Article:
There is a difference between your topic and your research question. The topic is meaningless without a good research question. Your research question should also seek to erase all ambiguity about your research problem. It may even guide you in the type of investigation you should conduct, identify the type of data you should collect, and lead you to a proper analytical approach of your data. In short, a good research question helps you to focus on finishing your investigation without wasting much time and resources.
Moreover, good research questions create a corridor to your research. They act even like the spine of your proposal and later, your thesis. Good questions are the ones that can be answered by researchers as they are supported by evidence. In short, good research questions that lead to investigations help eliminate serious problems from our society Tenenberg, It must be thought-provoking.
Make an investigation of your topic by going through scholarly journals to see what questions are raised by your peers. Take note of what questions are not raised so that you can add them to your list. Your research question should not be answered just by simple facts; it should require critical analysis and field-tested research.
Your research question should not cover an area that is too broad or too narrow. If it is too narrow, you will have difficulty finding relevant information. When formulating research questions, we ask how the research problem originated and subsequently progressed to a serious state. Researchers ask questions and put their hypotheses in context. It may turn out to be true or false.
As such, in order to hypothesize or make predictions, researchers need relevant knowledge and skills.
To write a successful thesis, follow these simple steps on how to make it readable, interesting and convincing. Hence, your introduction must be motivating, current, and be based on a strong methodological and theoretical certainty. Clark, P. Sean Park. It is all about state of the mind and understanding of the researcher.
To prove or disprove a hypothesis, researchers are compelled to ask questions about the problem to be studied. They test the questions in the field by gathering relevant information and data to test their hypotheses, and by conceptual knowledge and thorough analytical investigation. When researchers carry out an investigation about a specific problem, they ask questions that require either a description or explanation. Does a skillful and knowledgeable person perform well in the field? Questions may also indicate what, where, and when a problem occurs.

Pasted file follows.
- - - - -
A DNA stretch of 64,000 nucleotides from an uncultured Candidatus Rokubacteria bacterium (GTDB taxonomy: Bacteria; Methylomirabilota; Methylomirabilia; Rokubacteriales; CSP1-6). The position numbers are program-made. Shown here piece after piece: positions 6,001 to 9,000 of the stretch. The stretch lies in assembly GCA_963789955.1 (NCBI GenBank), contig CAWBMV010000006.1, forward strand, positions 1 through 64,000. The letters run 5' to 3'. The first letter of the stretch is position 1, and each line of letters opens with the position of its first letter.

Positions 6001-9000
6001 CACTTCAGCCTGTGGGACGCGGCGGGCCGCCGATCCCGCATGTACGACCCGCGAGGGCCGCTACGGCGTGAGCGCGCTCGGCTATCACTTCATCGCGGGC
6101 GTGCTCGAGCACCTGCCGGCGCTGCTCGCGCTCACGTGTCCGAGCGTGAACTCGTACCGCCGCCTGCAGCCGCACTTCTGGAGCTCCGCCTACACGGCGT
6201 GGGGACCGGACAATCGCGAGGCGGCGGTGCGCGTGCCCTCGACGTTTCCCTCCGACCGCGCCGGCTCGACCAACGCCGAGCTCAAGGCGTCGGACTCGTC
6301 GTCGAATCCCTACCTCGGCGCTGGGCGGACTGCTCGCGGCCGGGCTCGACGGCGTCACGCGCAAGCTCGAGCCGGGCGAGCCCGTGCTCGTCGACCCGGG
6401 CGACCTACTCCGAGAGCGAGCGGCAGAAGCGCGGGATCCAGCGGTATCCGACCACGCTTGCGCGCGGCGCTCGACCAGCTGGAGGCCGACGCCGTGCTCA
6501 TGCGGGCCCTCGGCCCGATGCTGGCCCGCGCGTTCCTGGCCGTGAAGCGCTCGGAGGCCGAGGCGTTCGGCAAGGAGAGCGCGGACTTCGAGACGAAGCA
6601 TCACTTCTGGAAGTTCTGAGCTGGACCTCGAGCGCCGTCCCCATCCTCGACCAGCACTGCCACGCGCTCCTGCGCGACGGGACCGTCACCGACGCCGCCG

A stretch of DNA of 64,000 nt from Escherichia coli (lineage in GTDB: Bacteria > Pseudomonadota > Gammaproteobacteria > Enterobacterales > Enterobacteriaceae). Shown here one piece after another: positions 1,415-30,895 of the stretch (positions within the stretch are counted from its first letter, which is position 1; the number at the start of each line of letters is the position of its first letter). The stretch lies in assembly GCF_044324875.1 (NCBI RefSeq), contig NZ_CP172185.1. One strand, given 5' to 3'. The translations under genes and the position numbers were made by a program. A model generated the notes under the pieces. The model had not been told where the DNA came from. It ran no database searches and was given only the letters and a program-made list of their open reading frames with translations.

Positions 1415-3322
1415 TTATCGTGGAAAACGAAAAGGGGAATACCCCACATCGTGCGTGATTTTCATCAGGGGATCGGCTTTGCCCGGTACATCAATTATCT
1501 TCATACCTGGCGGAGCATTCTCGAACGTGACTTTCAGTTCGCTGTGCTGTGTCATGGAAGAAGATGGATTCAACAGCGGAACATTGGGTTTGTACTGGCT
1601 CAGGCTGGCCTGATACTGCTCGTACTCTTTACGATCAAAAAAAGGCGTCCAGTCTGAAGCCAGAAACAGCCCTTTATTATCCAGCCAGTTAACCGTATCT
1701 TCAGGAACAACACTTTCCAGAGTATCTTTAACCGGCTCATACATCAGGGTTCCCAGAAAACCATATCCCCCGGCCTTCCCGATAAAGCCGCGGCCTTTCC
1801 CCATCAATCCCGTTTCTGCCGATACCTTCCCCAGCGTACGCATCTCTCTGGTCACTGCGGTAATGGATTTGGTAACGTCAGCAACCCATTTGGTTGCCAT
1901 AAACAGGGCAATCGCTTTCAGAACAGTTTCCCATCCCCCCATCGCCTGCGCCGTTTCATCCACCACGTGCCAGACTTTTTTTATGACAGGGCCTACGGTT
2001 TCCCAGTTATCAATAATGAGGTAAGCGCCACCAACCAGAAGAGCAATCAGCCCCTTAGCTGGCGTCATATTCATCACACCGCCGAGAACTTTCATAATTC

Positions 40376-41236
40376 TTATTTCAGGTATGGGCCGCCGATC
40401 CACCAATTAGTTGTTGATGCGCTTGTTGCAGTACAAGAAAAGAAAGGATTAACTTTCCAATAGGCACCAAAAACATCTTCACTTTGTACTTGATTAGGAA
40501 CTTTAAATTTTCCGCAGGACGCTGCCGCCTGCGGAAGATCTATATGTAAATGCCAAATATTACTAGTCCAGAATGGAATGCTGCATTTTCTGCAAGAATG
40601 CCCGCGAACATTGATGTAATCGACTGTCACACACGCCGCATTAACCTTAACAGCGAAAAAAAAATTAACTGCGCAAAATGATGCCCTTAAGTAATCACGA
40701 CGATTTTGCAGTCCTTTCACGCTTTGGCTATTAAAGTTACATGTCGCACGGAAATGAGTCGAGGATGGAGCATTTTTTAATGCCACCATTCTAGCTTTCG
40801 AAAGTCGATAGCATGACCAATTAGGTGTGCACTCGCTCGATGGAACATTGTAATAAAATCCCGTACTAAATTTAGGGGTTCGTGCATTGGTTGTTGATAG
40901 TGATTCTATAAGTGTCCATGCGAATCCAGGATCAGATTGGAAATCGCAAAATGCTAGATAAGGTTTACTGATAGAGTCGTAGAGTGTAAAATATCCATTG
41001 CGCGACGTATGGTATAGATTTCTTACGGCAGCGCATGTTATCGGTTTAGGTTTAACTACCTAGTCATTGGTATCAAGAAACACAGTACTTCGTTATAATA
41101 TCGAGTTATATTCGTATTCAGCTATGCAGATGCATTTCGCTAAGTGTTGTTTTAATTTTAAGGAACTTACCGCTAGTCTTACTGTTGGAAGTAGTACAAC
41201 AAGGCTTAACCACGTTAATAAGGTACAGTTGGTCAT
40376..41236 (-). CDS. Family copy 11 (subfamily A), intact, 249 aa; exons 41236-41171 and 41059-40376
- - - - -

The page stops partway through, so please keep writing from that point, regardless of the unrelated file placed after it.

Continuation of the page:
With explanatory questions, researchers always start with why. For instance: Why did the wall of that building collapse? What was the cause of it? Research questions can also indicate future events.
What will be the final grade of your students once they use the new information system in their classroom? This type of question is a hypothetical or predicted question. It is all about state of the mind and understanding of the researcher. Prediction is not real knowledge. It becomes knowledge once it is investigated and proven. Beside descriptive or explanatory questions, researchers may also ask open-ended and closed-ended questions to solve research problems. A closed-ended question is just the opposite of an open-ended question.
A closed-ended question requires an answer that is either Yes or No. Did you attend your History class this evening? For an open-ended question, there is no specific response. It is open to discussion.
For example: What do you think about my class performance this morning? You can see that the answer is not Yes or No, but it requires an opinion. Hence, as a researcher, you are required to ask various types of questions in order to obtain the necessary information for your study.
A hypothesis is an unproven reasoning. It enables an educated guess or a prediction of a result or relationship under specific conditions. It requires rigorous testing to determine its validity and reliability. Once it is proven after serious testing, it becomes a scientific theory. Please take note that although a hypothesis helps the researcher to see the problem more clearly, it is not necessarily a part of an investigation. If you have no hypothesis, you still have a valid research.
But if you like to have hypotheses, you can construct as many as you wish. Your hypothesis is just an educated guess, declaration, an idea, assumption and feeling that you are not sure of. And that becomes a reason for your enquiry. As we have discussed above, a hypothesis is a reasoning that enables an educated prediction.